Over the next few decades, smart contracts will revolutionize how information is shared on the web. Even the rules of the web itself will likely be rewritten by these same contracts. For creators and entrepreneurs, understanding why the status quo is broken is key to understanding how and why the web will change in the future.
This blog post on smart contracts is part of the Elix Blog, a series focused on blockchain, crowdfunding, and trends in technology. Check out more articles on our blog here.
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What Are Smart Contracts And Why Should I Care?
You can think of a smart contract as a computer program, the code of which can never be changed. That program maintains a set of state variables, receives inputs from other programs or outside inputs (people) and updates its state whenever asked. Although no one can alter the code of a smart contract after it is written, the contract can contain directives about how it should react to a given set of inputs.
Why Can’t The Code Of A Smart Contract Ever Be Changed?
The code of each smart contract is embedded in a “block.” You can think of this as a piece of a blockchain. In most blockchains, each block contains a list of transactions (actions) taken by people while using the blockchain. The immutability of a blockchain is one of the key features that separates it from traditional currencies. Blockchain was originally created as electronic currency that solved the double spending problem and removed centralization. Nowadays, numerous blockchains like Bitcoin, Ethereum and NEO have been developed to store more complex information by incorporating scripting languages.
So What Does The Code Of A Smart Contract Actually Look Like?
Probably the best way to learn what the code of a smart contracts look like is to dive right in. For example, here is an example smart contract for the Elixir token, and here is one for Quantstamp. Elix is a blockchain crowdfunding company, and Quantstamp is a smart contract security company.
Are There Any Standards Or Norms For Making A Smart Contract?
It’s common practice as a developer to follow certain standards when developing smart contracts. For example, the scripting language Solidity is vulnerable to integer underflow and overflow—therefore it’s smart to use a libraries that prevent bugs like this. It’s also common practice in Solidity to follow a token standard to make your token easily usable and tradable. For example, most fungible Ethereum tokens are currently compatible with the ERC-20 token standard. For non fungible tokens, alternatives like ERC-721 have been developed. Think of fungible versions as tokens that are non-unique like frequent flyer miles, while non-fungible contracts manage unique collectibles like kittens on the blockchain.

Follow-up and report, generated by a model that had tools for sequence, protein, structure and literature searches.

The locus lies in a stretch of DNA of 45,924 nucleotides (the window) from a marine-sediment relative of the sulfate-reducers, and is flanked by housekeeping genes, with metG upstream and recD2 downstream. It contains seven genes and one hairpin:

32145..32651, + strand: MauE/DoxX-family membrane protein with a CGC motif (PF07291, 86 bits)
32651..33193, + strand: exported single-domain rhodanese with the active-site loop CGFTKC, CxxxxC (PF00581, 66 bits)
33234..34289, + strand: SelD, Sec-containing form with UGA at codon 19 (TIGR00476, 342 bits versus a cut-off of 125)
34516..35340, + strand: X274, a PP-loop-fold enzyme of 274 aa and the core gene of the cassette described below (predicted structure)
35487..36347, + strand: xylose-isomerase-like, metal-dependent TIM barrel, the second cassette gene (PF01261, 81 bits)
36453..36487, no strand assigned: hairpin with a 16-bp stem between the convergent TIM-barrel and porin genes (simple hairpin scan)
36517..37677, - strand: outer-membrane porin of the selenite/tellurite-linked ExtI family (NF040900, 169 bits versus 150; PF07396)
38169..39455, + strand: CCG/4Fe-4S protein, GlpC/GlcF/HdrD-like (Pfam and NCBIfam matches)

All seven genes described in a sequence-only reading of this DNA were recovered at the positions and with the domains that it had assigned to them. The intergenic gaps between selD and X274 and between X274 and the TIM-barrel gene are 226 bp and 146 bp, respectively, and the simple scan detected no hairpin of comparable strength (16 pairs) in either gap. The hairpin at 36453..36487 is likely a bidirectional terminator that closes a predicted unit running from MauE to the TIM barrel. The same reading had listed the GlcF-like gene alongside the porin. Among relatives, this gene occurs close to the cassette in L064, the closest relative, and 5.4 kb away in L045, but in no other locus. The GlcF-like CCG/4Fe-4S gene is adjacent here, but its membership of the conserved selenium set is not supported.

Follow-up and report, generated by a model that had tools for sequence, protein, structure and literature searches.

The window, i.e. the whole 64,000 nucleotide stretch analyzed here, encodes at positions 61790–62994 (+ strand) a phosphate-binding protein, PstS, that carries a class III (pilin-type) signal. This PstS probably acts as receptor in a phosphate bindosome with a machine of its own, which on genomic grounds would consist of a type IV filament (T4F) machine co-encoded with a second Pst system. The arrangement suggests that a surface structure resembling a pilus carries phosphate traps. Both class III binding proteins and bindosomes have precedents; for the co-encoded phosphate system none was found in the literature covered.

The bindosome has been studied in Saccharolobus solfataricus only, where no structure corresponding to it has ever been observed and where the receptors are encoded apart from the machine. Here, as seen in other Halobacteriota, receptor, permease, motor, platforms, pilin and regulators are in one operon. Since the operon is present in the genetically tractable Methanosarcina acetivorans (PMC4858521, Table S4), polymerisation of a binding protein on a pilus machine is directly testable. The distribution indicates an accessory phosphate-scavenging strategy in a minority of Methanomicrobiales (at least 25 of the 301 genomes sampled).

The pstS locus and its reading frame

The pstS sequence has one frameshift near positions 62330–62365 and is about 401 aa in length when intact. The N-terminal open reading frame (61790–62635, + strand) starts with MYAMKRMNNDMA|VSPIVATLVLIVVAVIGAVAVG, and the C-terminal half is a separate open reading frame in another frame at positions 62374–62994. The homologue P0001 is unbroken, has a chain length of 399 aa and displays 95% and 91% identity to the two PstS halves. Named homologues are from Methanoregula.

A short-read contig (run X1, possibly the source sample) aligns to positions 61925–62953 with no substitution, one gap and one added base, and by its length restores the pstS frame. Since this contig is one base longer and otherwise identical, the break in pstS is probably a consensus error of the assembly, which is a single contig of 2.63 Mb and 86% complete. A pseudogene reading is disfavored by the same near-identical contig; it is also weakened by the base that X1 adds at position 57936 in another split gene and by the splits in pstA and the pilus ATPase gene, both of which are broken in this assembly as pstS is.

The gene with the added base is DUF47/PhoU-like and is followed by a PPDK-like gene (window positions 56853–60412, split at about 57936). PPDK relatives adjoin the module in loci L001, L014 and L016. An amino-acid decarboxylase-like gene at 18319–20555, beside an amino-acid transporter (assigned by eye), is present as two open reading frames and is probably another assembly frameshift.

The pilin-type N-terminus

Will Smart Contracts Change How We Define The Internet?
The code of smart contracts is immutable, and all the code of a verified contract is publicly visible. For marketplaces, sites and social networks, increased transparency means that people will have more reliable information about other actors on every network. It’s won’t be possible for a site to lie to a customer about the number of impressions, click through rates, or bids on products. For the consumer, this is empowering. Privacy and transparency are at the forefront of consumer concerns, especially in the aftermath of events like the Snowden leaks and the Cambridge Analytica scandal at Facebook.
How Much Of The Web Will Actually Be Replaced?
Financial services, data collection, and supply chain economics are just a few examples of industries ripe for disruption. Smart contracts provide decentralized ways of exchanging information and value. For example, providing ways for people all over the world to access and use information is a way to prevent censorship and manipulation. It’s still too early on to know exactly how much of the web will be replaced or changed by smart contracts, but the first attempts are well underway. For example, the Ethereum Name Service (ENS) claims to provide a decentralized alternative to domain names.
While it remains to be seen exactly which ideas will stick, people around the world are busy building the next generation of online technologies to make the online world more efficient, transparent and accessible.